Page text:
Why I Don’t Use Email

Bishop Thomas J. Tobin - Without a Doubt

I was going to write about this topic anyhow, but the fact that I was accosted (in a friendly sort of way) by a nice lady after a recent parish event encouraged me to do so sooner, rather than later. The topic – using email.

The parishioner who approached me in the sacristy of one of our local churches was rather unhappy because she wanted to send me an email about a current topic but couldn’t find an email address for me. “That’s because I don’t have one,” I said. “What?” she asked incredulously. “Come on, get with it; it’s the 21st century. Don’t you know that I can even email the President of the U.S.?” (“Yeah, and like he’s going to personally read your email,” I said to myself.)

“Whatever you’d like to share with me, sit down, write a letter, put it in an envelope, attach a stamp, and mail it to my office,” I invited my debater. “I promise, you will get a response.” Well, she did, and I did, and she did again, and that ended our correspondence, at least for the moment.

I’ll explain why I don’t use email, but first, let me stipulate – I do use email, on a very limited way at home, mostly for informal correspondence, to keep in touch with family and friends. My personal email account gets precious little use for office business. (Hillary Clinton would have done well to learn that lesson!)

But, basically, there are three reasons why I don’t use email at the office.

First, because I’m wary of technology in general and I try to keep a healthy distance. When it comes to machines and communication, and lots of other things I guess, I prefer the 20th century (mid-20th century actually) to the 21st century.

Here’s my confession: My computer skills are very basic; I don’t know a DVR from a VCR; I’ve heard about Netflix and Blu-Ray but don’t really know what they are; I prefer CDs to iTunes, real books to iBooks, and actual photos to Instagrams; I don’t own an iPod, an iPad or a laptop; I don’t use online banking and insist on having a real paycheck in hand rather than a direct deposit; and I really dislike having to refill my growing list of prescriptions online.

My hesitation to use email at my office is another sign, a symptom if you want, of my techno-phobia. And in a culture that is so dependent on, even hopelessly addicted to, technology these days, being a little bit counter-cultural is not a bad thing. I consider it a prophetic statement.

Second, I avoid the use of email at the office because it’s altogether too facile.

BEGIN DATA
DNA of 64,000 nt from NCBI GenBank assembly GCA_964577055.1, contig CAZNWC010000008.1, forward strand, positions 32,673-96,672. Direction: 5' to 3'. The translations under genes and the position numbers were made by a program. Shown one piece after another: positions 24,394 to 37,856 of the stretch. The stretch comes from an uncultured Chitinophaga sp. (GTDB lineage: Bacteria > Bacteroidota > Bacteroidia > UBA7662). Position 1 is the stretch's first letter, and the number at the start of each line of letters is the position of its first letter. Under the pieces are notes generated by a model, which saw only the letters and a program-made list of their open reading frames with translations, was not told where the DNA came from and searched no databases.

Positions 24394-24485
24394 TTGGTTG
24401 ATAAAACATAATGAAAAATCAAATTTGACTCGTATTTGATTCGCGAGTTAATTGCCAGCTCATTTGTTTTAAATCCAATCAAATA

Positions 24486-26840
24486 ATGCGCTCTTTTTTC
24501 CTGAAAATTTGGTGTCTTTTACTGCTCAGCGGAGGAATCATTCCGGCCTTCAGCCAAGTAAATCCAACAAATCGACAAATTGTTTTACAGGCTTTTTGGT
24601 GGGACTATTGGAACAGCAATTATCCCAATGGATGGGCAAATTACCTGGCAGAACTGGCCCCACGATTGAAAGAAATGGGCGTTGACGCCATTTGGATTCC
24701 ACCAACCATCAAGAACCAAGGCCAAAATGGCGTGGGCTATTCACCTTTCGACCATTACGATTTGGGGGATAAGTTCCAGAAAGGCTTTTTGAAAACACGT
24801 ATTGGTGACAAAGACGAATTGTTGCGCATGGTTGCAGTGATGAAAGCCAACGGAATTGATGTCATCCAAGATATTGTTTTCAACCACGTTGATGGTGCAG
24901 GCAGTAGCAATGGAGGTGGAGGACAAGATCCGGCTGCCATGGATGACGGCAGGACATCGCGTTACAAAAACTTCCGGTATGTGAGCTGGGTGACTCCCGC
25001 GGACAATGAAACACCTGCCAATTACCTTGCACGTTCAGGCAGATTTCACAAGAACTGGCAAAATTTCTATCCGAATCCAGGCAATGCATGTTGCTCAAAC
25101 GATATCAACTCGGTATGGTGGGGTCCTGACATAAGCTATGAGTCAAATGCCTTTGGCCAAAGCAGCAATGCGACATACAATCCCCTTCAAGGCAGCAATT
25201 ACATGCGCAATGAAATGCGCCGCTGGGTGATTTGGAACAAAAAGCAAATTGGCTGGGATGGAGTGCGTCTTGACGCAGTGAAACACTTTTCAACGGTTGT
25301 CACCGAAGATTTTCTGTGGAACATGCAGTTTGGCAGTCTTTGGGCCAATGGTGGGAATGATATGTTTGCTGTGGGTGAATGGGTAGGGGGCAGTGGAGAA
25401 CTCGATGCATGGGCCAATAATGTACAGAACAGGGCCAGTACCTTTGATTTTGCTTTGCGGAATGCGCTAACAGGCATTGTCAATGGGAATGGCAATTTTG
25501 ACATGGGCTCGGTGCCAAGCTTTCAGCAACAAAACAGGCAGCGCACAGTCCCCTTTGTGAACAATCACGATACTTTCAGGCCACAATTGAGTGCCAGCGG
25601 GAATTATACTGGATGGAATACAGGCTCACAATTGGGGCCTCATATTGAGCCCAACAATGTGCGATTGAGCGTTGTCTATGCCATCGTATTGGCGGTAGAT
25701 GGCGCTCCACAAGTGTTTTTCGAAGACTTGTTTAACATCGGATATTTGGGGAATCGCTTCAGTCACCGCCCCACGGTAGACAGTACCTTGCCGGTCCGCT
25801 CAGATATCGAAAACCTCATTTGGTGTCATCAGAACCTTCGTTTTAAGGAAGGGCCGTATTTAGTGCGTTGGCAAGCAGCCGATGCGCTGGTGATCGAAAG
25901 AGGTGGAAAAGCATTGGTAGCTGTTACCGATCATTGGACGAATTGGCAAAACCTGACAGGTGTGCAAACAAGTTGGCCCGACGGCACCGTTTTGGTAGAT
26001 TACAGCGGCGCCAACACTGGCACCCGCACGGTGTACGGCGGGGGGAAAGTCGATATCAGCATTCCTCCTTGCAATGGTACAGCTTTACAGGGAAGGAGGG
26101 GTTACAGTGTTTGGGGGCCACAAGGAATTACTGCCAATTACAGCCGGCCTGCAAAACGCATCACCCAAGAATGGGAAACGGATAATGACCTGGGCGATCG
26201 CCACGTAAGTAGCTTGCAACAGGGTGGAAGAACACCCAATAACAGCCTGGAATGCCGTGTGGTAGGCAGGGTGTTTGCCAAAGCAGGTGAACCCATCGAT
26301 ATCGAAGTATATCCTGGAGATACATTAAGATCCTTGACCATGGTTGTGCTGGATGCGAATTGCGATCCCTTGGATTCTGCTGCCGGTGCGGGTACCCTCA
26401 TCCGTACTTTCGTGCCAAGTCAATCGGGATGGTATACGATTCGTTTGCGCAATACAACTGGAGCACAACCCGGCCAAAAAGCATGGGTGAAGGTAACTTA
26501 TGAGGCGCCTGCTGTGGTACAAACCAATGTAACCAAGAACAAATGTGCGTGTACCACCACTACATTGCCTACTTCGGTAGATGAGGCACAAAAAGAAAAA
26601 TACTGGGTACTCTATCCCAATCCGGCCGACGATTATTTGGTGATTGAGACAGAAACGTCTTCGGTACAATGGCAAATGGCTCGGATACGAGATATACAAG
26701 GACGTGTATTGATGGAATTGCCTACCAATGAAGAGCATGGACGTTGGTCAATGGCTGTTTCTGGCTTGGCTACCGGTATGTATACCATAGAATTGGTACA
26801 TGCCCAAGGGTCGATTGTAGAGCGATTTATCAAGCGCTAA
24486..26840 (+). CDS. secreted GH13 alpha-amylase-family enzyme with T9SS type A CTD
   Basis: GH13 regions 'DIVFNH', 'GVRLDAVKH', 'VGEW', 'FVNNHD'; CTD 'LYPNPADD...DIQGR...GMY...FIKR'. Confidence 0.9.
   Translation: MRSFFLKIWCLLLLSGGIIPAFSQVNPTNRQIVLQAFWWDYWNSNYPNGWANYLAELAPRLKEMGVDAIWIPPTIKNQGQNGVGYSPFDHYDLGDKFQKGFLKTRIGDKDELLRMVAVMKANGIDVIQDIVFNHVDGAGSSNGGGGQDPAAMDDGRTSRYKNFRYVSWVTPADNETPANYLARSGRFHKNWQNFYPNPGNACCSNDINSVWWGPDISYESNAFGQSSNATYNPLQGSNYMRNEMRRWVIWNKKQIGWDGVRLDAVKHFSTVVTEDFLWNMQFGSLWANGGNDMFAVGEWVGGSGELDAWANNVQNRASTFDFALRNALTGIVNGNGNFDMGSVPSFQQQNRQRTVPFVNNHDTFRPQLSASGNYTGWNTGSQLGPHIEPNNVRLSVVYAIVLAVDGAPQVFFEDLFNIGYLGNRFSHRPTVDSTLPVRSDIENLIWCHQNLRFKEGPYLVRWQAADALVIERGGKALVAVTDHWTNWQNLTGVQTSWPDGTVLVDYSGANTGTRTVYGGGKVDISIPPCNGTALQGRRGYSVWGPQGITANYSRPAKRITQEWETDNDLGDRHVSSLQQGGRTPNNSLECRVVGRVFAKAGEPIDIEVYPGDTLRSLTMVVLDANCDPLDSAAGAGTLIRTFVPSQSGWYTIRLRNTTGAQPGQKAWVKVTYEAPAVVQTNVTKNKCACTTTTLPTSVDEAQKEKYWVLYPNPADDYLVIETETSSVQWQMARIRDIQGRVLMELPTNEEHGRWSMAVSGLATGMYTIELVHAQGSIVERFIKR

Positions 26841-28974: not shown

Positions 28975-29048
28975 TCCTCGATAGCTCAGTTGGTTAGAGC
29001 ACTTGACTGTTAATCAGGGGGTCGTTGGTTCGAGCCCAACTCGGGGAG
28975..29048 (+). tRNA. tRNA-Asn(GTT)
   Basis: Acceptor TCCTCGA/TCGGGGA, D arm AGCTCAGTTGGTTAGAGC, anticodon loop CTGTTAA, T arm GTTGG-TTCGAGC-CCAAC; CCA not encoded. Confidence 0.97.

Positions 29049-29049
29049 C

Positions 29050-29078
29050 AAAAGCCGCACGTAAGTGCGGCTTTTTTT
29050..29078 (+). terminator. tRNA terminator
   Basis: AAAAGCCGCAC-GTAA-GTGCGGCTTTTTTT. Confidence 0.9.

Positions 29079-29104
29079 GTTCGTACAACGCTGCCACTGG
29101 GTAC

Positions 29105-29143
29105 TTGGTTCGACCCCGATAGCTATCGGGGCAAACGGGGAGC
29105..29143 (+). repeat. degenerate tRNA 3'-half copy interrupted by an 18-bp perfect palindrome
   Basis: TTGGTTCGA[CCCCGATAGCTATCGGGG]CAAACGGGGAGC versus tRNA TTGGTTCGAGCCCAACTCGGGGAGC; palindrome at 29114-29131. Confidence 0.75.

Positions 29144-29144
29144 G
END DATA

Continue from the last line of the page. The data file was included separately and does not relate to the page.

It takes very little energy, and even less thought, to sit down, vent electronically, push the send button, and expect someone else to turn cartwheels to make you happy. If I used email on a regular basis, any current news item could generate dozens, even hundreds of emails to me, all of which, presumably, would expect a response. I take my correspondents seriously, and if they write to me in the old-fashioned way they’ll receive a response – either from me or someone else on diocesan staff who knows what they’re doing. (Disrespectful and anonymous letters are always ignored, by the way.)

Emails are superficial and hastily written, often to the chagrin of the writer. On more than one occasion I’ve seen angry, incoherent emails sent to the Diocese at 1:00 or 2:00 o’clock in the morning that I know the authors regretted sending upon waking at 6:00.

Finally, I avoid email at the office because I’m convinced that it’s often used, ironically, to avoid real conversation and dialogue. Emails are sterile, they’re distancing, and they’re off-putting. Some people write things in emails that they’d never say face-to-face to a family member or co-worker. And emails aren’t always as efficient as advocates pretend them to be.

For example, in trying to set up a meeting with a few members of diocesan staff, I might say to one, “Have you heard from so-and-so about that meeting next week?” “I sent an email but I haven’t heard back yet,” is the response. “Well, how about this – walk ten feet across the hall, knock on the door and ask him,” is my primitive suggestion. Sigh . . . in the name of technology, we’ve lost the human touch, and sometimes, common sense.

Email has limitations that real mail doesn’t. It’s not at all unusual for me to respond to a letter I receive from an elderly person, an ill person, or a youngster, by sending a letter I’ve composed and typed myself and also enclosing a little prayer card or a holy card. You can’t do that with email.

The art of writing letters, real letters, for business or personal reasons, is quickly disappearing. That’s unfortunate. I have in my personal files dozens of hand-written letters that I wrote to my mom and dad weekly during my four years of study in Rome from 1969-1973 that my mom was prudent enough to save. They kept us connected, and now they recall an important time in my life. Truly priceless possessions. Skype is nice, but it’s simply not the same.

So, dear readers, if you want to contact me at the office, send a letter – a real letter. I promise that I’ll do my very best to respond.

But, I’ve got to go now. My iPhone is buzzing.